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3rd EU-India Macroeconomic Dialogue - New Delhi, India, 30 - 31 October 2009

Participants discussed economic challenges following the crisis.

India and the EU - economic challenges following the crisis


The dialogue allowed for a useful exchange of views on the economic outlook and challenges for India and the EU. DG ECFIN and the Indian Ministry of Finance discussed EU and India macroeconomic situation, fiscal and monetary policies, capital flows to emerging market economies, and jobs lost in the crisis.

An in-depth discussion took place on common challenges the two economies are facing, including

•    how to face fiscal consolidation,
•    how to revitalise the labour market, severely affected by the crisis.

Finance Secretary Chawla was confident that the Indian economy had overcome the worst of the crisis. Although India was hit via trade, equity and capital flows, policy response has been vigorous. The timing of exit strategies will most likely differ in the EU and India, since the central bank of India has already started to rein in some of its stimulus measures.

Similar to the EU, India faces huge challenges for its labour market and fiscal sustainability.  Also macro-economic challenges for India and EU are similar and will lead to further bilateral exchange of views, mutual understanding, and devising common strategies notably in the G20 framework.

During bilateral meetings with think tanks and market participants, it became obvious that additional downside risks and major bottlenecks remain. Monetary policy challenges and exchange-rate management facing capital inflows were seen as a major issue, potentially requiring exchange rate coordination at regional or global level.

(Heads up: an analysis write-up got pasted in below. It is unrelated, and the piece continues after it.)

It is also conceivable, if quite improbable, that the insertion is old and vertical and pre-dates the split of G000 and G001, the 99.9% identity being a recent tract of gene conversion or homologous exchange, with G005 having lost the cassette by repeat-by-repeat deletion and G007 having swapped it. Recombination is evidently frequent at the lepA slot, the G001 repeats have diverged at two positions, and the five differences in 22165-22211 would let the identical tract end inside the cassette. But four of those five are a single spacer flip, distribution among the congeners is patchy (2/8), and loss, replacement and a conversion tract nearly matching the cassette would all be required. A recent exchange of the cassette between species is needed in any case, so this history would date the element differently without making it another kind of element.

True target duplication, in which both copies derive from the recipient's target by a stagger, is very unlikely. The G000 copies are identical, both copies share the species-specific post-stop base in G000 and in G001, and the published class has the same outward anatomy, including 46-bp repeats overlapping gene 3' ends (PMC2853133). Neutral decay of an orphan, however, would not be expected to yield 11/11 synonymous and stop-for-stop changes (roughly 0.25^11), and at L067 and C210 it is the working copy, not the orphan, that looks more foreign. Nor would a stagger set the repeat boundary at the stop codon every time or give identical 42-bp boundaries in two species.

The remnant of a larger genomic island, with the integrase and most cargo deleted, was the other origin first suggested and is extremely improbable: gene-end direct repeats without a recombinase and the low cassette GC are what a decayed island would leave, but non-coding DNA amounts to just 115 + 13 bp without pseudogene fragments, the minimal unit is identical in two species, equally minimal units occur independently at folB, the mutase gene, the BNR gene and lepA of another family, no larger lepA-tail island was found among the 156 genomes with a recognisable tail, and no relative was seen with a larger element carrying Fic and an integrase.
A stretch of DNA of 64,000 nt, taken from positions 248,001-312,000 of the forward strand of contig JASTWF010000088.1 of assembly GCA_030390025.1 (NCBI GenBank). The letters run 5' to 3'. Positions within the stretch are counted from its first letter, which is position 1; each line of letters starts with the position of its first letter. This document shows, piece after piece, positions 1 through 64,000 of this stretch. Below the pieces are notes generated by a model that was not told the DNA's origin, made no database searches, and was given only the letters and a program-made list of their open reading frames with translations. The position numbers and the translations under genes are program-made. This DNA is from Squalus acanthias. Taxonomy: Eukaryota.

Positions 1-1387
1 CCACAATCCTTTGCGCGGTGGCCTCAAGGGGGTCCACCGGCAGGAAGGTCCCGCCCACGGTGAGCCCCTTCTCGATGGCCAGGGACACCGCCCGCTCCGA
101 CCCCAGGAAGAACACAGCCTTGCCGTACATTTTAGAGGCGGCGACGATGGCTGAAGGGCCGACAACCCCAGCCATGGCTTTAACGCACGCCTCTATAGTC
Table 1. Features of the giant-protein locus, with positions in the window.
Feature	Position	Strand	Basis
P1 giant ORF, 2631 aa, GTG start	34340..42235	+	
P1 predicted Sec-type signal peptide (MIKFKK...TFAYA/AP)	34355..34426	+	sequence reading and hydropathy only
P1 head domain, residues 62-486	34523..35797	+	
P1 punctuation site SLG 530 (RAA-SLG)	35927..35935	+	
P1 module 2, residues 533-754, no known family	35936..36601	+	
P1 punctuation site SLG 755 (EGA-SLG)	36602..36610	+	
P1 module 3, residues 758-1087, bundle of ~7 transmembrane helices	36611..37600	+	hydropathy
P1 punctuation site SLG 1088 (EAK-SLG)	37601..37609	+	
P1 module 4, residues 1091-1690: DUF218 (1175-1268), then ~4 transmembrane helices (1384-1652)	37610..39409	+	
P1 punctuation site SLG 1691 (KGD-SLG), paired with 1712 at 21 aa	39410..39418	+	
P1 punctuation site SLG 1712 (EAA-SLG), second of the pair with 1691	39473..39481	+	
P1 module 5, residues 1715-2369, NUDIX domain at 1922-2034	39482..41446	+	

The lack of financial intermediation to channel savings, the extent of poverty and the lack of infrastructure were seen as potentially hindering medium-term growth prospects.

India and the EU - next steps

Both sides recognized the EU-India macroeconomic dialogue helps enhance mutual understanding. It has established itself as a useful platform for cooperation on macroeconomic issues and to underpin exchanges in international fora.

Mr Buti, Director General,  invited the Indian counterparts to hold the 4th EU-India macroeconomic dialogue next year in Brussels. In between, both sides will continue to informally exchange views and information at international meetings, such as ASEM and the G20.

Participants

The Indian side, which included officials from the Ministry of Finance and the Reserve Bank of India, was led by the Finance Secretary, Ashok Chawla. Director General for Economic and Financial Affairs, Mr Marco Buti, led the EU side. ECB Board Member Tumpel-Gugerell represented the ECB.